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Soccer goalies process the world differently, researchers find

Dublin | 12 octobre 2023

Par Kendall Morgan, PhD

A female goalkeeper diving mid-air to save goal during a match (©

Multi-sensory integration tests reveal that football goalies have “an enhanced ability to combine information from different senses”

In the game of soccer (association football), goalkeepers have a unique role. To do the job well, they must make split-second decisions based on incomplete information to stop their opponents from scoring. Now, researchers reporting in Current BiologyS’ouvre dans une nouvelle fenêtre have some of the first solid scientific evidence that goalkeepers show fundamental differences in the way they perceive the world and process multi-sensory information.

“Unlike other football players, goalkeepers are required to make thousands of very fast decisions based on limited or incomplete sensory information,” explains lead author Michael QuinnS’ouvre dans une nouvelle fenêtre, a physical education and maths teacher studying psychology at Dublin City UniversityS’ouvre dans une nouvelle fenêtre who is also a retired professional goalkeeper and son of former Irish international Niall QuinnS’ouvre dans une nouvelle fenêtre.

“This led us to predict that goalkeepers would possess an enhanced capacity to combine information from the different senses — and this hypothesis was confirmed by our results.”

Heashot of Michael Quinn in uniform

Michael Quinn

Lead author Michael Quinn as goalkeeper for the Dungannon Swifts.

Lead author Michael Quinn as a goalkeeper for the Dungannon Swifts.

“While many football players and fans worldwide will be familiar with the idea that goalkeepers are just ‘different’ from the rest of us, this study may actually be the first time that we have proven scientific evidence to back up this claim,” says the study’s lead investigator, Dr David McGovernS’ouvre dans une nouvelle fenêtre, Assistant Professor in Psychology at Dublin City University.

Based on his own history as a professional goalkeeper, Quinn already had a feeling that goalkeepers experience the world in a distinctive way. In his final year working on a psychology degree, he wanted to put this notion to the test.

Prof David McGovern, PhD

Prof David McGovern, PhD


To do this, the researchers enlisted 60 volunteers, including professional goalkeepers, professional outfield players, and age-matched controls who don’t play soccer. They decided to look for differences among the three groups in what’s known as temporal binding windows — that is, the time window within which signals from the different senses are likely to be perceptually fused or integrated.

In each trial, participants were presented with one or two images (visual stimuli) on a screen. Those images could be presented along with one, two, or no beeps (auditory stimuli). Those stimuli were presented with different amounts of time in between.

In these tests, trials with one flash and two beeps generally led to the mistaken perception of two flashes, providing evidence that the auditory and visual stimuli have been integrated. This mistaken perception declines as the amount of time between stimuli increases, allowing researchers to measure the width of a person’s temporal binding window, with a narrower temporal binding window indicating more efficient multisensory processing.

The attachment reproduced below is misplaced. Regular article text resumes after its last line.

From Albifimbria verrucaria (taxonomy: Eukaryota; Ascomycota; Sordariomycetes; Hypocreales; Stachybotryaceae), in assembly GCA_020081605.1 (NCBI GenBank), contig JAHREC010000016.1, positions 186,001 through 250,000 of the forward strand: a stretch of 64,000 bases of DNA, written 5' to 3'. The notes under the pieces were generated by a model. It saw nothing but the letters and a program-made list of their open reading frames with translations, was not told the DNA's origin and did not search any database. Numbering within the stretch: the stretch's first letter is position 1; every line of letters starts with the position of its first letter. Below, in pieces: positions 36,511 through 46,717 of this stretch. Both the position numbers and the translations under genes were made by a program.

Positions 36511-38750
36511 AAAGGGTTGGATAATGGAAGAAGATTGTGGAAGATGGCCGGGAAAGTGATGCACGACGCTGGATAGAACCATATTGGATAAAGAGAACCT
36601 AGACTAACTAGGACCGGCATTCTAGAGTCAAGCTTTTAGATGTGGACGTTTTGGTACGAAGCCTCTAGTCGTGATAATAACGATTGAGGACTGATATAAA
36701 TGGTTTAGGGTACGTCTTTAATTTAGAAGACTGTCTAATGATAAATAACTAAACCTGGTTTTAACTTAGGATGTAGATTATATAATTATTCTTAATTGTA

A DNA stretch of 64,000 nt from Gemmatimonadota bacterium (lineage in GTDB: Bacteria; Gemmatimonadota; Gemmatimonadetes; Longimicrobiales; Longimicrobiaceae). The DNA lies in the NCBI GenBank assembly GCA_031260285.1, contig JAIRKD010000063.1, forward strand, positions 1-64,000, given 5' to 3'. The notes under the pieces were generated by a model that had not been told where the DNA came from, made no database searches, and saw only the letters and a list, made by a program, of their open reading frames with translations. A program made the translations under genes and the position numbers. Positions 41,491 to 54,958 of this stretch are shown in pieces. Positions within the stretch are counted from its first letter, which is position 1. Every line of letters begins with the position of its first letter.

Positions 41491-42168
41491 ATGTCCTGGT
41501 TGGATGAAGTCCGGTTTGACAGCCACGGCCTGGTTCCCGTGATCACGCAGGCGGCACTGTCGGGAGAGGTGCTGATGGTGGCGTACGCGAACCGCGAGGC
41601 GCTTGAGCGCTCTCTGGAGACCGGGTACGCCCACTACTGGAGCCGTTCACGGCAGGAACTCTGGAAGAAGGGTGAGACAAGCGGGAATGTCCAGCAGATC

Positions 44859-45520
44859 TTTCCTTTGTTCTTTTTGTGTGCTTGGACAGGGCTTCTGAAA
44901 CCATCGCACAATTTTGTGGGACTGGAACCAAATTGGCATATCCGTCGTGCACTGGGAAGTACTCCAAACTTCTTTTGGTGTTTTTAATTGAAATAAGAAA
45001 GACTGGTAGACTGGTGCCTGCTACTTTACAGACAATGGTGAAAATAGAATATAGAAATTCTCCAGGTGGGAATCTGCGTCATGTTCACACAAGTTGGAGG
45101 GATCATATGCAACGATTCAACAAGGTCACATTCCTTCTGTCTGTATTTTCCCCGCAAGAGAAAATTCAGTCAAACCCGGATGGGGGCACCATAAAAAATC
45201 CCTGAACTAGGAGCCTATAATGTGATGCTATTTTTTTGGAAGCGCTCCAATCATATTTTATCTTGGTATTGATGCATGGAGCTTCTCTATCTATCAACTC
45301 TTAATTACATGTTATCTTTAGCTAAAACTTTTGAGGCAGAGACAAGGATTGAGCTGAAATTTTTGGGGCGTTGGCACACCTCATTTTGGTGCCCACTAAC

Cause or effect?

Overall, their tests showed that goalkeepers had marked differences in their multisensory processing ability. More specifically, goalkeepers had a narrower temporal binding window relative to outfielders and non-soccer players, indicating a more precise and speedy estimation of the timing of audiovisual cues.

The test results revealed another difference too. Goalkeepers didn’t show as much interaction between the visual and auditory information. The finding suggests that the goalies had a greater tendency to separate sensory signals. In other words, they integrated the flashes and beeps to a lesser degree.

“We propose that these differences stem from the idiosyncratic nature of the goalkeeping position that puts a premium on the ability of goalkeepers to make quick decisions, often based on partial or incomplete sensory information,” the researchers write.

They speculate that the tendency to segregate sensory information stems from goalies needing to make quick decisions based on visual and auditory information coming in at different times. For example, goalkeepers watch how a ball is moving in the air and also make use of the sound of the ball being kicked. But the relationship between those cues in time will depend on where the outfielder making the shot is on the field. After repeated exposure to those scenarios, goalkeepers may start to process sensory cues separately rather than combining them.

What’s next?

The researchers say they hope to explore other questions in future studies, including whether players with other highly specialized positions, such as strikers and center-backs, may also show perceptual differences. They’re also curious to know which comes first.

“Could the narrower temporal binding window observed in goalkeepers stem from the rigorous training regimens that goalkeepers engage in from an early age?” Dr McGovern asks. “Or could it be that these differences in multisensory processing reflect an inherent, natural ability that draws young players to the goalkeeping position?

“Further research that tracks the developmental trajectory of aspiring goalkeepers will be required to tease between these possibilities.”